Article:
Data availability layer

DeFi transactions require high throughput and frequently generate large amounts of transaction data. Publishing DeFi-generated data to BTC would incur significant costs; hence, DeFi transaction data cannot be directly stored on BTC. In the Yala system, off-chain state updates and consensus are achieved by Indexer nodes, which also maintain the security and data availability of the off-chain state. This approach saves the cost of uploading data to BTC while providing real-time updates for DeFi states.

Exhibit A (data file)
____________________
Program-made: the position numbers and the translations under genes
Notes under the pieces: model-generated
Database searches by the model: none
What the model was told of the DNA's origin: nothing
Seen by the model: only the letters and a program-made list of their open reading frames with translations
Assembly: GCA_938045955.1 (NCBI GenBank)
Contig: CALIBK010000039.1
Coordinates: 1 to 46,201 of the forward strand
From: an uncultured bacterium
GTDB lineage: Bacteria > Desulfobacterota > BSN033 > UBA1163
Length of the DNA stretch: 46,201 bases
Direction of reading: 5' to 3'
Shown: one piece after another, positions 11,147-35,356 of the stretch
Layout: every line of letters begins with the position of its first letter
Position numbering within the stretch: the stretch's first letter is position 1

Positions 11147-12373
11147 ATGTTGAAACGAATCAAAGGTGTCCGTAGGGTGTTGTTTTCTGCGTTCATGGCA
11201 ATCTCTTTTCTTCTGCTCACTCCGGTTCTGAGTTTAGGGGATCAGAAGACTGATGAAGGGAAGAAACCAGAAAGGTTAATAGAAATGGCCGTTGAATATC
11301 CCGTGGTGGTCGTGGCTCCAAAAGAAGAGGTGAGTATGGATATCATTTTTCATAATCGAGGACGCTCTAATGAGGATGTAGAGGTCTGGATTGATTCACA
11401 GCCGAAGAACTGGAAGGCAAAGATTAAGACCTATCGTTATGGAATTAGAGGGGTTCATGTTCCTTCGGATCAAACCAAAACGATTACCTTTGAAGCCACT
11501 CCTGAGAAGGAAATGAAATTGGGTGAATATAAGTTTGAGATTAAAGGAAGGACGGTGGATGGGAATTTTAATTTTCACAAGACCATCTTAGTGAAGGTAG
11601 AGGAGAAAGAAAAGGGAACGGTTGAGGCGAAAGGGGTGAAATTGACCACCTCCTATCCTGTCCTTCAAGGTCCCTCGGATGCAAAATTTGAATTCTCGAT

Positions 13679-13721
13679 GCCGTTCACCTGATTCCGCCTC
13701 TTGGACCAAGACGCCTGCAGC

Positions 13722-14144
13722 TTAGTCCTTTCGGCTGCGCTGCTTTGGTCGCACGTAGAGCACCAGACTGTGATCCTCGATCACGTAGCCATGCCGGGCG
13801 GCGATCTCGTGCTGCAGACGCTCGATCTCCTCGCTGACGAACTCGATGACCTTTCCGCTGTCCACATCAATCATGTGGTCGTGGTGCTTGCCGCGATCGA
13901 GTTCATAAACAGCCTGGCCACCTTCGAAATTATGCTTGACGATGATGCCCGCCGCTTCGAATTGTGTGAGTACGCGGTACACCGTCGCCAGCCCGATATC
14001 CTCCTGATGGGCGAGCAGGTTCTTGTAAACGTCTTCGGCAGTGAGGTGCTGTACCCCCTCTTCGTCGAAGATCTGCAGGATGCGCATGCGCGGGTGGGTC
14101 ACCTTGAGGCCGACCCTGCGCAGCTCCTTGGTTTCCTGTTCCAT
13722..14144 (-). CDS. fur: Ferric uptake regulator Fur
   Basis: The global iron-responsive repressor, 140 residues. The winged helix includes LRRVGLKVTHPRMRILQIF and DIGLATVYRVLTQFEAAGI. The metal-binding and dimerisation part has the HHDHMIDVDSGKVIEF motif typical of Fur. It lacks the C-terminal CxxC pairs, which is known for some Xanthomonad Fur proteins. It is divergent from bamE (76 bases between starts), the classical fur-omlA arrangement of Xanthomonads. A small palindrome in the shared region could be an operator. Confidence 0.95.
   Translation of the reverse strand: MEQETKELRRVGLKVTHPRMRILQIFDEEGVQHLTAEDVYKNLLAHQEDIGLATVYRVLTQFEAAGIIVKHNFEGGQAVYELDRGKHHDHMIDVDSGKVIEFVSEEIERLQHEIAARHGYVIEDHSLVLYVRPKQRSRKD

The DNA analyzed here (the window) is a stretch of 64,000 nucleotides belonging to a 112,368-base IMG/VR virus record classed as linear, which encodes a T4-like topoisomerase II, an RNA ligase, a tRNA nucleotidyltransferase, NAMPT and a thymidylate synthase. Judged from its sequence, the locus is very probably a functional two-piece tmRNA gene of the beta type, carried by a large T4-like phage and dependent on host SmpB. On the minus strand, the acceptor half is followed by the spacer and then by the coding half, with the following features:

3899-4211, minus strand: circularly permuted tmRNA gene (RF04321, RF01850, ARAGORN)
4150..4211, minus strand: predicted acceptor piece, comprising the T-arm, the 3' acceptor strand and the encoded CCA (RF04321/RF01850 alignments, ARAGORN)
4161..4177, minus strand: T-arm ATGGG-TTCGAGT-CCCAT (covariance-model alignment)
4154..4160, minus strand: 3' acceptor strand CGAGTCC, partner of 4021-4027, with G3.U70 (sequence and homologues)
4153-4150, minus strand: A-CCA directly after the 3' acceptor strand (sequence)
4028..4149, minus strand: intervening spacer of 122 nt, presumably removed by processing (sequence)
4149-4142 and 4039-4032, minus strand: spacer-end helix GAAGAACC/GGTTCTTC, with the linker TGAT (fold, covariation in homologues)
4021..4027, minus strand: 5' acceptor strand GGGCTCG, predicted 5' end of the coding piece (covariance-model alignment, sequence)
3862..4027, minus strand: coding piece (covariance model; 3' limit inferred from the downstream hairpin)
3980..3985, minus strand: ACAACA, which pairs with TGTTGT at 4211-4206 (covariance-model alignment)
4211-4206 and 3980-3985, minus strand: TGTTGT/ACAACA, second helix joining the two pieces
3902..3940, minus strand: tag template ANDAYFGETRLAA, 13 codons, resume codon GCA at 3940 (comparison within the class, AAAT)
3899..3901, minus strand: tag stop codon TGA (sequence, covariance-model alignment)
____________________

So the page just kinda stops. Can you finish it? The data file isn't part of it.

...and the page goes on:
Data availability refers to the capability of data stored in the blockchain network to be effectively accessed and used by all participating nodes. Unlike data availability in other blockchains, BTC assets are in UTXO format, comprising two state changes, and the BTC block interval is long, about 10 minutes. When transacting BRC20 or other BTC assets, we need not deal with any data related to the said assets. Indexers capture the global state and balance in the form of witness scripts. Thus, the implementation of data availability in Yala only needs to target off-chain state changes of assets in witness script format, which is maintained by Indexers. The on-chain state change of UTXO is reflected in transfer transactions, which can provide security for off-chain state changes. The change in the off-chain state will eventually be reflected in on-chain UTXO transfer transactions, with BTC's consensus and security verifying the final state of asset transactions on Yala. Assuming that Indexers are trustworthy and that the final changes in the off-chain state synchronize with UTXO transactions, the off-chain state's data availability can be independent of the BTC main chain. Our challenge is implementing Indexers' trustworthiness and the secure real-time update of off-chain states.